Profit driven by increases in capacity and commodity pricing
Abu Dhabi National Energy Company’s (Taqa) profit surged by 160 per cent during the first half of 2010 to AED458m ($124.6m) over the same period last year.
Taqa says the year-on-year profit increase can be attributed to greater capacity in its domestic power and water business combined with more favourable oil and gas commodity pricing. The company recorded a 12 per cent annualised increase in power generation in the first six months of 2010.
The acquisition of a 40 per cent equity stake in Oman’s Sohar Aluminium Company from Abu Dhabi Water & Electricity Authority’s (Adwea) in June also added AED90m to its profit. The aluminium smelter and accompanying 1,000MW power plant provides Taqa access to a new market.
Total revenues increased by 16 per cent year-on-year during the first half of 2010 to AED9,917m.
Revenues from the sale of power and water during the second quarter increased 3 per cent year-on-year to AED 1.6bn. The increase was largely due to the expansion of the Taqa’s Taweelah A1 facility, which was commissioned at the end of the second quarter of 2009.
Upstream and midstream revenues stood at AED2bn at the end of June 2010, up from AED 0.2 billion compared to the same period last year. This 16 per cent increase was driven primarily by the increase in crude oil and natural gas liquid (NGL) prices, plus revenue generated from the acquisition of 100 per cent of the share capital of DSM Energie Holding from Netherlands-based Royal DSM in October 2009.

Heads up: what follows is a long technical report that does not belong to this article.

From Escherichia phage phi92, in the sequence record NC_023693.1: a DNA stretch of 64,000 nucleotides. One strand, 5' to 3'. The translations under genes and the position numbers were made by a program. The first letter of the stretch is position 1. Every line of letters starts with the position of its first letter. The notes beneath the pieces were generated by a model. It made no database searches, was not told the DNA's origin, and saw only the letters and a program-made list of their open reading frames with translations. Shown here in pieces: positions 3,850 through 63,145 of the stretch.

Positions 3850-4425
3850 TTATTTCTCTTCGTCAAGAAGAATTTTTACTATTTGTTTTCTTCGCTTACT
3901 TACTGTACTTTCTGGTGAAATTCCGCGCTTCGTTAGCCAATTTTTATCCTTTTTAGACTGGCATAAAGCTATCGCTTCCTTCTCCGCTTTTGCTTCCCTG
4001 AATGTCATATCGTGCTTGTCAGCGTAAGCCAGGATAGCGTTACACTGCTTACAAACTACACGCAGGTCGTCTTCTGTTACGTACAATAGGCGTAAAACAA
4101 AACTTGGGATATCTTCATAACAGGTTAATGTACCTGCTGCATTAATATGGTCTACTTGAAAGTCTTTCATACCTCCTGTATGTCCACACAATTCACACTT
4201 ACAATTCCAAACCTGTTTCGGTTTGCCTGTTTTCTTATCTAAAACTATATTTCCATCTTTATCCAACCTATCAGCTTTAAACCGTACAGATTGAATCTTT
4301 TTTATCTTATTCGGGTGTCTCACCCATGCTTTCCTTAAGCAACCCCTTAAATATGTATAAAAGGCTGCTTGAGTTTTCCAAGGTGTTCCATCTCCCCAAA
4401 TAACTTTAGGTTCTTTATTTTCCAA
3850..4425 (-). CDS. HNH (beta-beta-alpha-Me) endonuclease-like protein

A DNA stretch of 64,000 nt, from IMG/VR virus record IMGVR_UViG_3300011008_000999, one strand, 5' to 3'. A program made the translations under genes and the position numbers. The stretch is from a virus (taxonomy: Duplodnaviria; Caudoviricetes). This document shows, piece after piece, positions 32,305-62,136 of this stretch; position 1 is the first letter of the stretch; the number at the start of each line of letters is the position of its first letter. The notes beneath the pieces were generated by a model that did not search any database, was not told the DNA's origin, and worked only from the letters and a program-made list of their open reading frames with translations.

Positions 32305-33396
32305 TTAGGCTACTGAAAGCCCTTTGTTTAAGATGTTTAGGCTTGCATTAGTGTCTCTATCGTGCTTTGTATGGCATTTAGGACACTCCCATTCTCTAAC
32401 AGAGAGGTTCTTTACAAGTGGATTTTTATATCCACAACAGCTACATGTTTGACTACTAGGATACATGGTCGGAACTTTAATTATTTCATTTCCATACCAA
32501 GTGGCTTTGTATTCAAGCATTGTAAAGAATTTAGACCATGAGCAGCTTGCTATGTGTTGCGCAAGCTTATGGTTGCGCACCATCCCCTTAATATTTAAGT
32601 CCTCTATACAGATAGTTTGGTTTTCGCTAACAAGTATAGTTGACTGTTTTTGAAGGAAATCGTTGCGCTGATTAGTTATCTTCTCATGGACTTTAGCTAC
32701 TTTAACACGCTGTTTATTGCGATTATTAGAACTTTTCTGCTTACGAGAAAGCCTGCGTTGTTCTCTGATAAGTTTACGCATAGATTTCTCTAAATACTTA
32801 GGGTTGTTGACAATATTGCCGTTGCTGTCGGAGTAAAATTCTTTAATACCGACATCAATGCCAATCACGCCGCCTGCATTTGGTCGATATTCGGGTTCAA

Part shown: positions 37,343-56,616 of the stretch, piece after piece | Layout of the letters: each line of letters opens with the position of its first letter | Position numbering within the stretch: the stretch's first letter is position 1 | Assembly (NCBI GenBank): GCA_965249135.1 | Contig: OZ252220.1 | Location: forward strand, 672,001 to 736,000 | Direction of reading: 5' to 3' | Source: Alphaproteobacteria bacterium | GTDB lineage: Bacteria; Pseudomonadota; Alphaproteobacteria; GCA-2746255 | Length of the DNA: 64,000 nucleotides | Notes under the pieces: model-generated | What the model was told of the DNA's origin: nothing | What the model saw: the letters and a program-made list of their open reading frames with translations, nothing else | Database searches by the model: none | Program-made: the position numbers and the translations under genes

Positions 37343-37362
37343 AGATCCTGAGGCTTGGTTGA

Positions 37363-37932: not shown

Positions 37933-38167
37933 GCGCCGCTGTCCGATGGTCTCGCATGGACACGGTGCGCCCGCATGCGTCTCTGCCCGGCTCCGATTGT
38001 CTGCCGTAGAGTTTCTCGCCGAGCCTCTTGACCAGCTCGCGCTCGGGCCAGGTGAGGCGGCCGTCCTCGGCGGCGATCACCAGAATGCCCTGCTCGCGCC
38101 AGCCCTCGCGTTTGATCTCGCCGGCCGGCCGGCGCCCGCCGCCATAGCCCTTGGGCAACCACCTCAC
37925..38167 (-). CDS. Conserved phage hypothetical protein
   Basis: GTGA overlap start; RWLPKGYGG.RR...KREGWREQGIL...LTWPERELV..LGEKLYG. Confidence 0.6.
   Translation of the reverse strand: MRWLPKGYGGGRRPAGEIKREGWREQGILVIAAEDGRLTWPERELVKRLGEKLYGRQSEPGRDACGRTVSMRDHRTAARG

“Total revenues have continued the upward trend, which commenced at the end of 2009, benefiting from a more positive commodity pricing environment,” says Abdulla al-Nuaimi, chief executive and managing director of Taqa.
“While asset optimisation and organic growth form the cornerstones of our strategy, we remain opportunistic and open to bolt-on acquisitions, which consolidate our geographic footprint.”
In May this year, Taqa completed the refinancing of its subsidiary Taqa North’s AED4.59bn ($1.325bn) revolving credit facility. The facility was oversubscribed, leading to the company accepting the higher limit of its AED2.6bn to AED3.7bn target established at the beginning of the refinancing process.
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